27 May 1634
Messrs. William Clobery, David Morehead and Johan de la Barre, merchants here in London, having fitted out a ship [the William] to trade on Hudson’s river, as they call it, have been prevented to traffic there, and in that vicinity, by the Officers of the Dutch West India Company. Deeming themselves injured thereby, they pretend to demand reparation for their damages.
Appendix contains depositions dated 1 November 1633 by:
Andrew Hume of the precinte of Saincte Catherine, London, marriner, aged about 32 yeares.
William fforde of Lymehouse in the countye of Midd. marriner, aged about 36 yeares.
Richard Barnard of Hull, in the countye of Yorke, marriner, aged about 24 yeares.
Christopher Langham of Wappinge, in the countie of Middex, sayler, aged about 26 yeares.
William Deepinge of the Parishe of St. Mary Monthawe, Landon barber, Chirurgeon, aged about 27 yeares.
John Johnson of the parishe of Saint Botolphes Algate, London cittizen, and cordwayner of London, aged about 45 yeares.
Jacob Jacobson Elkins, of Amsterdam merchant, aged about 42 yeares.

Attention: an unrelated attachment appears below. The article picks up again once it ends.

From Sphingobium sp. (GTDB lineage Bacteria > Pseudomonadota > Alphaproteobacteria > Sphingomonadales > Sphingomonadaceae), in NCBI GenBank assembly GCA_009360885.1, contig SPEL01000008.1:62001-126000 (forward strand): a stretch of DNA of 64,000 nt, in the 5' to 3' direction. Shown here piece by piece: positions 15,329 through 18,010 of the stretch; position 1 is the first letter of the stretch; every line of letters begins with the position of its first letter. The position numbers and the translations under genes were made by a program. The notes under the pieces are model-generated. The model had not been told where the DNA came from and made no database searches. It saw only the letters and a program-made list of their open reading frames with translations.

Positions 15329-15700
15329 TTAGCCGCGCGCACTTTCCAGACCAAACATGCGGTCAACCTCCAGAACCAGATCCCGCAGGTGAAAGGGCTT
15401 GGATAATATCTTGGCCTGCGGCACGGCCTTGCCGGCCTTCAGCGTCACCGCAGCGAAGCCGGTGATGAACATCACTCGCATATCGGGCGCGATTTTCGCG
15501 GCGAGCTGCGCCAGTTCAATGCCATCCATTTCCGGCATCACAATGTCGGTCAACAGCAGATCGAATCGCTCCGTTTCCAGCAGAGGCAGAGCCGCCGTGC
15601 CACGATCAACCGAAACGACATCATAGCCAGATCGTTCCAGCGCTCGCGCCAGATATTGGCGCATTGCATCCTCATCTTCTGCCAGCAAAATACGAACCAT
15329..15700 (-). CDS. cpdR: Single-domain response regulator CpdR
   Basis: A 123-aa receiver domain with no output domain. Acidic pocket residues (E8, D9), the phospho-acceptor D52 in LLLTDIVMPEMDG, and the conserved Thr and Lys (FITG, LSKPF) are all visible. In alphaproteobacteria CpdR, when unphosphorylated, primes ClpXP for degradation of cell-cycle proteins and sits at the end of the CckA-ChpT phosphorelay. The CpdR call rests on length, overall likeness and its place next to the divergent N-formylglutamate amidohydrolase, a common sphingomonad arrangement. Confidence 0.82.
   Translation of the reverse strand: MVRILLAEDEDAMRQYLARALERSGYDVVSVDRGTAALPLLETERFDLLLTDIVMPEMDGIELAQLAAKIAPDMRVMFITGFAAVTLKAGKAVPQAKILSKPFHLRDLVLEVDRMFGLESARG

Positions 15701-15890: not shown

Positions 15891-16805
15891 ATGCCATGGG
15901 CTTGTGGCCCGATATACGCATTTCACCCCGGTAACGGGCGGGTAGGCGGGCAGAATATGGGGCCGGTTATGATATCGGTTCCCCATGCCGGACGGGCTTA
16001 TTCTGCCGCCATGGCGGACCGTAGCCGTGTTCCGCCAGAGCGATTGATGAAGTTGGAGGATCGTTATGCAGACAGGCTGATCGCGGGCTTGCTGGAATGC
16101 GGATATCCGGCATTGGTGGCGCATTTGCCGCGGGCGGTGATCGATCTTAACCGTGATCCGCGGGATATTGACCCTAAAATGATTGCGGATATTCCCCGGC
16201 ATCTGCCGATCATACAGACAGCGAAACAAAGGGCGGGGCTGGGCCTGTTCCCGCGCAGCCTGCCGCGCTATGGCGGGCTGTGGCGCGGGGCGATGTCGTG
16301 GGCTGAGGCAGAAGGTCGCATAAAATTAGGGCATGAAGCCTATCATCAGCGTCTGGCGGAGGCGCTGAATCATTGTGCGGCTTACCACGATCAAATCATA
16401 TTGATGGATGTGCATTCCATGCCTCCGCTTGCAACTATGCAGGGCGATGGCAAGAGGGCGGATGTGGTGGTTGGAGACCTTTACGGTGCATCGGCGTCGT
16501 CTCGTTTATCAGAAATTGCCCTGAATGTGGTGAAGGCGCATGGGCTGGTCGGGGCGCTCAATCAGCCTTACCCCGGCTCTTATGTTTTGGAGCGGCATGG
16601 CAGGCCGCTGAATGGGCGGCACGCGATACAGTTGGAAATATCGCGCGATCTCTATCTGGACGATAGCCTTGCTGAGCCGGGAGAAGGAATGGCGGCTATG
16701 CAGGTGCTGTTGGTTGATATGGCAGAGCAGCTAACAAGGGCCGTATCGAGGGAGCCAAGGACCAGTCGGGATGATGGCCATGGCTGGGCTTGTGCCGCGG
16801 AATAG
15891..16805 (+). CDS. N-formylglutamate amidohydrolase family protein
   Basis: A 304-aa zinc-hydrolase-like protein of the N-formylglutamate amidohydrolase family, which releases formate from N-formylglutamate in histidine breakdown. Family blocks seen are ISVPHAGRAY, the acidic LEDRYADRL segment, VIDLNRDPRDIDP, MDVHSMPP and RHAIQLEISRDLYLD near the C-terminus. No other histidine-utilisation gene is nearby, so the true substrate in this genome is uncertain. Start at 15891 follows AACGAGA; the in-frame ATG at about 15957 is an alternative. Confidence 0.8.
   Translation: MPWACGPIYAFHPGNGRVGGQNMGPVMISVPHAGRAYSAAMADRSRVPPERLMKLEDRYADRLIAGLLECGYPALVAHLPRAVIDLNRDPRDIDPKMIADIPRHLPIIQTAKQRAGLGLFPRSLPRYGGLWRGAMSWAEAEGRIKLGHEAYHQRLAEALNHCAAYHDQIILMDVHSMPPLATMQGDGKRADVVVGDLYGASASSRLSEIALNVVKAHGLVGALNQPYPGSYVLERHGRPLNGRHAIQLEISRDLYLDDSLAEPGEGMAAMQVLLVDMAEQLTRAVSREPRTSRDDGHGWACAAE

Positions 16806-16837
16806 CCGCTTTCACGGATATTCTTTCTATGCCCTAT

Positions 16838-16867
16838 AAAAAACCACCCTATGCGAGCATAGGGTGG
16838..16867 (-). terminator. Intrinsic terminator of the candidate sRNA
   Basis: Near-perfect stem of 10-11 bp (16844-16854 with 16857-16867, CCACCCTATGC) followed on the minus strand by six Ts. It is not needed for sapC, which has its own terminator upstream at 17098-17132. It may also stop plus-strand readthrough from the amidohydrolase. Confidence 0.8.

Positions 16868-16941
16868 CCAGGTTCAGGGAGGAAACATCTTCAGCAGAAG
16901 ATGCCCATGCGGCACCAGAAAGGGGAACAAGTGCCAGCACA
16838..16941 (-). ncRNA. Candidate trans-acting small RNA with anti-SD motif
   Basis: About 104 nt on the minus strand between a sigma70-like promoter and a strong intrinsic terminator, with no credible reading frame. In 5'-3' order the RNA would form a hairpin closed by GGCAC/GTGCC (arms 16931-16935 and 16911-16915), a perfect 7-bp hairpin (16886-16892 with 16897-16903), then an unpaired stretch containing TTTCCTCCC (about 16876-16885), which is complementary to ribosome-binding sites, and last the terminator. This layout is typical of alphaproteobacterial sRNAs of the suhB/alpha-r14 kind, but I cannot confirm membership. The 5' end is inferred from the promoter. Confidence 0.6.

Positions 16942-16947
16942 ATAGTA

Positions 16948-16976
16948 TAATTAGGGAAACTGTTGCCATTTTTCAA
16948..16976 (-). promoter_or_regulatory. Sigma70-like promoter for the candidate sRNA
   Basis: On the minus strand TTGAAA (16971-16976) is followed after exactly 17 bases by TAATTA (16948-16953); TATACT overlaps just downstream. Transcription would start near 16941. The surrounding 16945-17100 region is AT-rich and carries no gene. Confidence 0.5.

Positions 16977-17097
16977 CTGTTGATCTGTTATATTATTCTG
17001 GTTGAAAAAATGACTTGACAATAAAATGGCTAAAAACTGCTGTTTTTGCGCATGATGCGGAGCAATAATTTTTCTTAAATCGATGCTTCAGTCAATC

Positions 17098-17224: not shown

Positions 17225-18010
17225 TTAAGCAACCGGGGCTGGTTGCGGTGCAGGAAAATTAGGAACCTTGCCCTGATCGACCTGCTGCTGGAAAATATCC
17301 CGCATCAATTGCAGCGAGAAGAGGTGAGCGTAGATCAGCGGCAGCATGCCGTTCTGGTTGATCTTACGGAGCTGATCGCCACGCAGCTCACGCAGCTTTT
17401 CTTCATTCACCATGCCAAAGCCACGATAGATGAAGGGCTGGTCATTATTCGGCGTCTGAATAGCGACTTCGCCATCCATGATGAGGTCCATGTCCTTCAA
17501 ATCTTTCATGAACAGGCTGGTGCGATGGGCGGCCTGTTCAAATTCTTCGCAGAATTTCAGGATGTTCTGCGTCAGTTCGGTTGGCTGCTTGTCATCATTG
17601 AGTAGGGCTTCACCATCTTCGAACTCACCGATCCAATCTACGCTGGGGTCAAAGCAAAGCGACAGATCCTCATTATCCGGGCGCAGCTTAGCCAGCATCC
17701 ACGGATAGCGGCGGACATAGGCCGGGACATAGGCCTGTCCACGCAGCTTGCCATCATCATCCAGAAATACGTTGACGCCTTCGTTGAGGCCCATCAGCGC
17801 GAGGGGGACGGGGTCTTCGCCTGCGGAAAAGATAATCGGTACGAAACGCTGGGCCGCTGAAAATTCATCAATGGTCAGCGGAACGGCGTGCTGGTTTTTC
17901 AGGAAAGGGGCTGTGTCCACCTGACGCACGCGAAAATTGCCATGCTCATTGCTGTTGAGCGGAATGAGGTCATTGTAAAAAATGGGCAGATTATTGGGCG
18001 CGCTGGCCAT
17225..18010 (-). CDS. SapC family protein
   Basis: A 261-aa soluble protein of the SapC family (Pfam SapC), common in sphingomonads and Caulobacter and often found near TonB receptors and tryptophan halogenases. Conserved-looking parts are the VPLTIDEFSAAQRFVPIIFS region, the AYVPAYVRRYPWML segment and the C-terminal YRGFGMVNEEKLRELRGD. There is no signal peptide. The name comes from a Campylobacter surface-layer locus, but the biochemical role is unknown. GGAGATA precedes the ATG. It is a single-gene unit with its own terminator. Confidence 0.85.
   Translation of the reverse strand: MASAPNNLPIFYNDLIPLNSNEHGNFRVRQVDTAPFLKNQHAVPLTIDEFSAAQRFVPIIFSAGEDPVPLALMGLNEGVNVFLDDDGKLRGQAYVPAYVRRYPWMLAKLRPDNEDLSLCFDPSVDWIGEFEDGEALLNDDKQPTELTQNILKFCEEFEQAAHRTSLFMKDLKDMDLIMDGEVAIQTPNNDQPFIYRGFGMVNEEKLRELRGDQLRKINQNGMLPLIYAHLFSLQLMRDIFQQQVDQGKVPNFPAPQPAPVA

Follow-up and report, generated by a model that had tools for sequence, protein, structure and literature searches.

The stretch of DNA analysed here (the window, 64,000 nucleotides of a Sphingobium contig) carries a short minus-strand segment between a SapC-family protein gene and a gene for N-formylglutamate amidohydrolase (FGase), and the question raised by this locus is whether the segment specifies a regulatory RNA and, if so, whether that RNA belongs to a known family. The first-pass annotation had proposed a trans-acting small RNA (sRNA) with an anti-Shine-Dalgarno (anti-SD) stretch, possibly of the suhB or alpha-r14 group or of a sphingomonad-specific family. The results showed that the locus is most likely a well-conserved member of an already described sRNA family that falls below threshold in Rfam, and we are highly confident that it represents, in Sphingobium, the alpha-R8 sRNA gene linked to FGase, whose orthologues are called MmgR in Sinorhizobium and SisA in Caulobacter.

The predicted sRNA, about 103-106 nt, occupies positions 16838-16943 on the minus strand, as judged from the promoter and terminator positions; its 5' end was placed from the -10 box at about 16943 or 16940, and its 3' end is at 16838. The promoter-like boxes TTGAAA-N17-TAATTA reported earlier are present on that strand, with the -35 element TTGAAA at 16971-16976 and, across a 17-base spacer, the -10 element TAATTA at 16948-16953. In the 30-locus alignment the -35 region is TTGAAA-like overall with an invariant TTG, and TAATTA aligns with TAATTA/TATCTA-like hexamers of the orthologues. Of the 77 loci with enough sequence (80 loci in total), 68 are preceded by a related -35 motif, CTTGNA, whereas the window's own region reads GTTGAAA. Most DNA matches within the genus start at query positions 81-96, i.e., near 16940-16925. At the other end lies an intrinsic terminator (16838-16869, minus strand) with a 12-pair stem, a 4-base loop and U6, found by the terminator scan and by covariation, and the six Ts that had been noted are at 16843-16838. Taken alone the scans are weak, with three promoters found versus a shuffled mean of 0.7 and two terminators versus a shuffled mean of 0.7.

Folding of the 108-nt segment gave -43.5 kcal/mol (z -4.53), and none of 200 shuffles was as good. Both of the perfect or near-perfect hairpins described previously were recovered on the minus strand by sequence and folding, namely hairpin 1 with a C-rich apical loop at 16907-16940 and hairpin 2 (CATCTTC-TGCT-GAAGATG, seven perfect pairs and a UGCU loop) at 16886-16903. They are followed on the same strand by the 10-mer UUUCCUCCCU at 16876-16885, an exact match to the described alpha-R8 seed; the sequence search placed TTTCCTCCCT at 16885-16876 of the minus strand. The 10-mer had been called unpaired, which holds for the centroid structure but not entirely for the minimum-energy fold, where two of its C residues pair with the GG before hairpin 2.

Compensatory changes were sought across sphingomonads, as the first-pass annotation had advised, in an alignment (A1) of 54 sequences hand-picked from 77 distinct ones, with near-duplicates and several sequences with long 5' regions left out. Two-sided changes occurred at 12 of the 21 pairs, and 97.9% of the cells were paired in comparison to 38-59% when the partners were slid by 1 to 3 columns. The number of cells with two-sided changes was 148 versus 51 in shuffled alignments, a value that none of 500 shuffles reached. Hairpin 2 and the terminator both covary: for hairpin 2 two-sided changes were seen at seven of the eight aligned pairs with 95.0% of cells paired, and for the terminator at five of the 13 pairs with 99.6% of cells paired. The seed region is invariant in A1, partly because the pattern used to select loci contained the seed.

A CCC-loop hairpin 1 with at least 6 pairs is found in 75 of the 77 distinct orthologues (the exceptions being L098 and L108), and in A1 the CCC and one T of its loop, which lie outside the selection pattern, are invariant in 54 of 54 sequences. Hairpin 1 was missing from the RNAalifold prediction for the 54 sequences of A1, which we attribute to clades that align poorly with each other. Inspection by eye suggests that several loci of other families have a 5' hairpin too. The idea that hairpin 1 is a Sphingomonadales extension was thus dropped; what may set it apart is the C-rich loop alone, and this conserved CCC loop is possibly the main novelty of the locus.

29 November 1650
Secretary Cornelis van Tienhoven’s Answer to the Remonstrance from New Netherland.
Francis Douthay, Adriaen van der Donck’s father-in-law and an English Minister, was granted a colonie at Mespacht, not for himself alone as Patroon, but for him and his associates whose agent he was, and who at the time were residing at Rhode Island and at Cahanock and other places.
Adriaen Van Der Donck has been about 8 years in New Netherland; he originally went thither as sheriff, in the employ of the co-proprietors in the Colionie of Renselaers wyck, but did not long hold that office; he resided in the Colonie, however, until the year 1646.
Arnoldus Van Hardenberch accompanied Hay Jansen, in 1644, to New Netherland, with a cargo for his brother, where he never suffered any let or damage, to our knowledge; but he knows how to charge the colonists for his wares.
Augustyn Heermans went out in the Maecht van Enchuysen, being, as he now is, clerk to Gabri, in the trading business.
Jacob Van Couwenhoven, when a lad, accompanied his father to the country, was taken by Wouter van Twiller into the Company’s service as an assistant, and becoming afterwards a tobacco planter, the Company helped him, as is to be seen by the books, with necessaries; but they have been paid for.
Olof Stevensen, brother-in-law of Govert Loockermans, went out in the year 1637, in the ship the Haring, as a soldier in the Company’s service; was promoted by Director Kieft and finally appointed Commissary of the store; he has profited by the Company’s service and is endeavoring to give his benefactor the pay of the world; that is, evil for good. He has signed under protest, saying he was obliged to sign, which can be understood two ways; either that he felt obliged to subscribe to the truth, or that he was constrained thereunto. If he intends the latter, he must prove it.